A Utah man had a bold plan, which we told you about last year. His house was going into foreclosure unless he could come up with $21,638.02 to pay HSBC. So he announced to the world that he would burn his car and post the video online in exchange for donations. He raised about $15,000 and even sold $1,200 worth of advertising on the side of the car. He tried to work with local fire departments to get them to let him burn the car, to no avail. So he did it on public land and now he’s in court and getting fined, reports KSL.
HSBC is the latest in a string of banks who warned investors via their SEC filing that they expect to get fined after getting a letter from regulators chastising their improper foreclosure practices. On Friday, Wells Fargo, Ally Financial (formerly GMAC) and SunTrust banks made similar announcements.
After a couple years of hiding in the shadows, credit cards targeted at consumers with less-than-stellar credit ratings are once again making a push to gain new customers.
Adam never received checks for his new HSBC account, so he stopped by his branch to order some. He must have struck bank employees as the kind of guy who demands nothing but the best, since branch employees handed him the order form for the most expensive checks. The ones that cost $90.
The first reaction to your bank instituting new fees on your “free checking” account in 2011 might be sheer, overwhelming panic, or maybe rage, indignation, or some combination thereof. But don’t be afraid, fee-haters, there are ways around extra charges to your account.
“Don’t overdraw your bank account” is pretty sound advice. However, reader Phil advises that if you do happen to overdraw your HSBC account–even by a few cents–the bank will mercilessly close your bank account with no warning. That’s what happened to him.
The guy who offered to set his car on fire in exchange for “loanations” (his word–he says he’s going to pay back all donations) managed to raise enough money to prevent the foreclosure sale of his house yesterday. Below is a video of him handing over a check for $21,000. The only problem is, now he’s saying he might not burn the car.
John admits on his blog that he’s responsible for falling six months behind on his mortgage. But once he got over his divorce and losing his adopted son and started trying to make things right, he ended up in loan modification limbo at HSBC. The bank never moved forward on any modification, and now he has to pay $21,638.02 today if he wants to keep his house. Logically, he’s offering to burn his car and post the video online in return for donations.
Normally you’d hope a bank pays you in legal tender and not with a piece of green construction paper that the guy down the street pulled out of his laser printer after creating the document on Microsoft Paint. And yet when Tracy pulled out some cash to pay her rent at an HSBC branch, one of the Benjamins was counterfeit.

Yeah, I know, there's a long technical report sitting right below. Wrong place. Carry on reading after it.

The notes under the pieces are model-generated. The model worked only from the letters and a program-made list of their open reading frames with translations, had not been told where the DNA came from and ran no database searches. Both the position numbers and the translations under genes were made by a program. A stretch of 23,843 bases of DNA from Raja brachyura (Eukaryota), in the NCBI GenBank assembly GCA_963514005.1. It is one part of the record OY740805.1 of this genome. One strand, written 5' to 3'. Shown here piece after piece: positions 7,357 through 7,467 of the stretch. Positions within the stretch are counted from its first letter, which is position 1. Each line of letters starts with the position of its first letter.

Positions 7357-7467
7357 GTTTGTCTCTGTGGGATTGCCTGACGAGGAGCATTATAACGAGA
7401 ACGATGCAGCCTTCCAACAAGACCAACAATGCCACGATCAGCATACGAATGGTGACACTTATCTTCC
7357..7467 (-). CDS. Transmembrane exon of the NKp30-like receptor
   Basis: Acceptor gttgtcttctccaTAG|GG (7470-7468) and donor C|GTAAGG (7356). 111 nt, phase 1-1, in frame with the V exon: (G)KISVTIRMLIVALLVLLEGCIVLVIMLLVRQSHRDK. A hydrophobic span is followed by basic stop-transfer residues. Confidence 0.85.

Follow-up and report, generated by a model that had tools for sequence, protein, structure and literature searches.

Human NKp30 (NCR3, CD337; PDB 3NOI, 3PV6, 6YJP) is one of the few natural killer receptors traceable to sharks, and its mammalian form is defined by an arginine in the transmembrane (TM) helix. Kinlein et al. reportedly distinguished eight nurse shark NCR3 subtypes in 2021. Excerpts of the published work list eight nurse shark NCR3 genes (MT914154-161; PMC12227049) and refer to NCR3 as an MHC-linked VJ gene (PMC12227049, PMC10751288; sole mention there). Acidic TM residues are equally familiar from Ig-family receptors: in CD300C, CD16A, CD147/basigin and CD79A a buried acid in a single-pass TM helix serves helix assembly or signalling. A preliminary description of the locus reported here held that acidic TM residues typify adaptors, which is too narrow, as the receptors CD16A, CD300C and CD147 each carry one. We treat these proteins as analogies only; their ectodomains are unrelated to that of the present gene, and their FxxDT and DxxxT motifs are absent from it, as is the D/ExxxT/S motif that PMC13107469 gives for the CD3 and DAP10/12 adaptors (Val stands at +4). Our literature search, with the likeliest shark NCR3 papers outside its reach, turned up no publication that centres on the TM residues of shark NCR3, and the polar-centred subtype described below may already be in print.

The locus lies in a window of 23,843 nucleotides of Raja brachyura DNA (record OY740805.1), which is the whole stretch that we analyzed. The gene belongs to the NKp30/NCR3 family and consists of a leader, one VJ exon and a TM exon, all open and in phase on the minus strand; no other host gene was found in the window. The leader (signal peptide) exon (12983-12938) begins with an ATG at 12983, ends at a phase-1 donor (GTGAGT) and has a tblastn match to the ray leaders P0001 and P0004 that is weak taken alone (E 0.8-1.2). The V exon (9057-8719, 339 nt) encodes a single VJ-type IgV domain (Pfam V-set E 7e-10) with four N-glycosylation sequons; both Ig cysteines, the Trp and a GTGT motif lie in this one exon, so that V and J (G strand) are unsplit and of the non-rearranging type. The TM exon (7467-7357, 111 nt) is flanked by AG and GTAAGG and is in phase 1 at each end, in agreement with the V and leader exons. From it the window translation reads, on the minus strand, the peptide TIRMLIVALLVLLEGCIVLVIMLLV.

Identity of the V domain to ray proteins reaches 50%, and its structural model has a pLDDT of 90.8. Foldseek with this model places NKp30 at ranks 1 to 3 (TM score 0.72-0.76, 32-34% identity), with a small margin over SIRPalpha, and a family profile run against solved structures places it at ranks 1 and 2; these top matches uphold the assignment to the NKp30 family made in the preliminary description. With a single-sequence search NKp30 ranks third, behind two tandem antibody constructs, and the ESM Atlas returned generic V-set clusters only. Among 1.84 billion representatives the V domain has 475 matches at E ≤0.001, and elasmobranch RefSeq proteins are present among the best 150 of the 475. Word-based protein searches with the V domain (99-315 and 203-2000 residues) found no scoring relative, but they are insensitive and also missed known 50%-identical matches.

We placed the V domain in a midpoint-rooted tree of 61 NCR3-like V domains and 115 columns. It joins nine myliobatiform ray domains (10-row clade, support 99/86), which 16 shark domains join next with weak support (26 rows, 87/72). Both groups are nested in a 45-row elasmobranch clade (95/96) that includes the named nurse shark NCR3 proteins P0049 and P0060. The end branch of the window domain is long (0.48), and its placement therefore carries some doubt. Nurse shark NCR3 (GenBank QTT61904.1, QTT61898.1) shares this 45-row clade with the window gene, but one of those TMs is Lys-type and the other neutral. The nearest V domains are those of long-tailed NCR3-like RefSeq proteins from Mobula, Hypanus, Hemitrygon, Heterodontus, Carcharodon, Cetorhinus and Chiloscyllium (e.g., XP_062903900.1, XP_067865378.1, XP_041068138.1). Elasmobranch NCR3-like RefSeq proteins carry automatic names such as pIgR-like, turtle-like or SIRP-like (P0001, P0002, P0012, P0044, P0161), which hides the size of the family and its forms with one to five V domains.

Here is some contact information for HSBC Finance. It’s good for when you have a Sisyphean customer service issue that you’d rather have the sneakers of Mercury.
File this one under “U” for Uncool: After a woman transferred $50,000 over five days from her bank account to her mortgage lender to pay down her mortgage, somehow $10,000 of that money just… disappeared. Or so it seemed.
HSBC Card & Retail Services
James R. Lane
Vice President, Executive Resolutions
Paul Smith, who lives in San Diego and has a credit score of 751, had his HSBC credit card limit lowered from $7,000 to $1,400 recently for mysterious reasons. He called HSBC to find out why.
Bank of America isn’t the only bank that enjoys canceling their traveling customer’s credit cards. HSBC canceled my card while I was living in New Zealand, and as part of their “continuing efforts to fight fraud,” sent an active replacement card to my address 9,000 miles away.
Owners of Best Buy credit cards (via HSBC) are being charged $15 to pay their bill on time online. The only way to avoid the fee? Pay at least two business days early.
Why does HSBC charge $15 to make a payment over the phone? Other, often smaller, companies charge $3 or less, as MG notes in his email below. In this case, since the alternative is so unwelcome—a possible late payment, and a corresponding hit on MG’s credit score—it seems pretty outrageous to hold him hostage to a $15 fee.
The NAACP this week filed a class action suit accusing Wells Fargo and HSBC of charging unfairly high interest rates to African American homeowners with high incomes and high credit scores. The banks were quick to slap down the charges as “totally unfounded and reckless,” even in the face of convincing evidence from the NAACP.